Paul Needle had posted a link to the Radio 4 daily service, from Diocesan Synod, so I listened to it instead of saying Evening Prayer, and Shared the link, remembering some bags I saw in a bookshop window: Twitter is not Berthold Brecht. Facebook is not Frank Kafka.

Tried Lidl, slightly closer than Aldi. Must remember that neither provides baskets, you need to pick up a trolley before entering or restrict yourself to  a handful. Good practice in resisting ice cream. But I shall have to shop again tomorrow as Whit Monday is a public holiday.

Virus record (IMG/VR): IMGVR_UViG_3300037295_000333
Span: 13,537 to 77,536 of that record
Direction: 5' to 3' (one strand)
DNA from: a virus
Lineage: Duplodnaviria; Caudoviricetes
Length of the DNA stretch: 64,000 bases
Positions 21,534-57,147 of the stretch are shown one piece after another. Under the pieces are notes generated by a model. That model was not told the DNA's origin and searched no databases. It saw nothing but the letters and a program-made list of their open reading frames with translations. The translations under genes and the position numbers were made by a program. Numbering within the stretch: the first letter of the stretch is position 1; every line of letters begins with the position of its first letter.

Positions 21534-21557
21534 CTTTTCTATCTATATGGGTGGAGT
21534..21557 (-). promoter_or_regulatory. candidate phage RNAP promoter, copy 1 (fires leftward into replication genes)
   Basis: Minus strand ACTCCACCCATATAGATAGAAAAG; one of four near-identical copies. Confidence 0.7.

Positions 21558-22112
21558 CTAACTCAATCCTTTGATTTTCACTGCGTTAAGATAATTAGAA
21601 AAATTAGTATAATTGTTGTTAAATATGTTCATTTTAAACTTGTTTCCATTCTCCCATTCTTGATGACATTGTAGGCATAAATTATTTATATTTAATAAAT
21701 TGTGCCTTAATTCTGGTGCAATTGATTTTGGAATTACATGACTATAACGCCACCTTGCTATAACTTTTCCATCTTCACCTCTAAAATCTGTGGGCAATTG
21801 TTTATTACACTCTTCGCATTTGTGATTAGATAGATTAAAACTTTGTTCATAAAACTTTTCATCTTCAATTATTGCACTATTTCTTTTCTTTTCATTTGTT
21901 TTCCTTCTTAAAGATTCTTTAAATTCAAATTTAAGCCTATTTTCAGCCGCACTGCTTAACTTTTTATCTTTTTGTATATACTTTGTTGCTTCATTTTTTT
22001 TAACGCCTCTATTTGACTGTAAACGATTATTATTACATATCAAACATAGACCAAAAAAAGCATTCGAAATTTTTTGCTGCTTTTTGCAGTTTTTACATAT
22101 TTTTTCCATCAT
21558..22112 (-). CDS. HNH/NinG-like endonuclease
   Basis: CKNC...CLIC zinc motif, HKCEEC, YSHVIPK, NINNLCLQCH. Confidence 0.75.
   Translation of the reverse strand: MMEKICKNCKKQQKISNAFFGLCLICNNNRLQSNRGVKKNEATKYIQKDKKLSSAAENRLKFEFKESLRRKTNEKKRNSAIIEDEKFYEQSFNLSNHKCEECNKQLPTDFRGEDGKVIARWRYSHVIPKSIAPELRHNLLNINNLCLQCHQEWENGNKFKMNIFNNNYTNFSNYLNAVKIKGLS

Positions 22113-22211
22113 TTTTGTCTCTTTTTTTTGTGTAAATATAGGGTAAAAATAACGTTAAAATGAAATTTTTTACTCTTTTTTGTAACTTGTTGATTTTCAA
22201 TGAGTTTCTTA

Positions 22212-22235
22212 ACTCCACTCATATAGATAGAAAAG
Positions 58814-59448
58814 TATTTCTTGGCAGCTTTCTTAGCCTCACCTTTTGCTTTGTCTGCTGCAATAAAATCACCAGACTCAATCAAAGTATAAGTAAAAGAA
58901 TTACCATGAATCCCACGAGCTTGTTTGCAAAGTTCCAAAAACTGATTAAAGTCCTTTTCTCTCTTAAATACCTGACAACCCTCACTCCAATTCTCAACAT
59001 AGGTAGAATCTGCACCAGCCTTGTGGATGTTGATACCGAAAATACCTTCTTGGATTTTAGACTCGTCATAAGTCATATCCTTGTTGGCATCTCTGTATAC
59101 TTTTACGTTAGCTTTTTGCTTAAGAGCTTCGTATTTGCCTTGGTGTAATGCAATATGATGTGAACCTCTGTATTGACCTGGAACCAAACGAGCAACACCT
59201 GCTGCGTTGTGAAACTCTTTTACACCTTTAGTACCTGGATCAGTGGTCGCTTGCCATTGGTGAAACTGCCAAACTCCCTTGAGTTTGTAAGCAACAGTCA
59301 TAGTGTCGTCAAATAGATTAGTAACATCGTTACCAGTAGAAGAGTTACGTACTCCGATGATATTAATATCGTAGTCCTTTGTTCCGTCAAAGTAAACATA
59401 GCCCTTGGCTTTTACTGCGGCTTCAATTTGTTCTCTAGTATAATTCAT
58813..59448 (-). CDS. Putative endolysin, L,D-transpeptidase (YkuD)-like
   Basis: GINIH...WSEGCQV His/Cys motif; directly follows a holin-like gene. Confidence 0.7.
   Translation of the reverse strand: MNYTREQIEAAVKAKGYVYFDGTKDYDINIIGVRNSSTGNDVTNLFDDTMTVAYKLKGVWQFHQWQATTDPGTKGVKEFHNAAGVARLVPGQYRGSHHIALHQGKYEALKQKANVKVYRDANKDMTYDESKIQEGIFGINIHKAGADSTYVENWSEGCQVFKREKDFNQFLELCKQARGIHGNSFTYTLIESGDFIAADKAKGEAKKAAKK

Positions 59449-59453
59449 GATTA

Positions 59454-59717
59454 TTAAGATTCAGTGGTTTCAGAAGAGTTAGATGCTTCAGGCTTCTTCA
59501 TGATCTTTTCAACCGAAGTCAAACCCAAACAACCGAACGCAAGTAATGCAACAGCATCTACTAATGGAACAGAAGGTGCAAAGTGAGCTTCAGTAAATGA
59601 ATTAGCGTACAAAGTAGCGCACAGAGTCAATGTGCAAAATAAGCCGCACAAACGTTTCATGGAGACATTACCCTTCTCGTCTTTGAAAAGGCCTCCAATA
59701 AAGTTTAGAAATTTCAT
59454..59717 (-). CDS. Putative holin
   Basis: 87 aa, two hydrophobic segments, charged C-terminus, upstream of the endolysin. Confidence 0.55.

Found a book about Anglican churches in Germany up to 1945 and read the first 60 pages. This confirms my theory that Bishop Bell’s visit to Sweden in 1942 was not solely to confirm some candidates in Gothenburg, but to meet Dietrich Bonhoeffer for what turned out to be the last time, on 1 June.

I thank God for the opportunities of being part of the Diocese in Europe.


Thundery showers forecasted at three separate times, so I stayed in the flat. Finished rereading Paradise News by David Lodge.


Enjoyed my first Sunday service in Heidelberg, but was surprised that the tune to the second hymn was not Puer nobis nascitur.  Don’t take anything for granted.  Walked back over Königstuhl, a different route from Friday, avoiding the long flights of steps and passing a rural pub.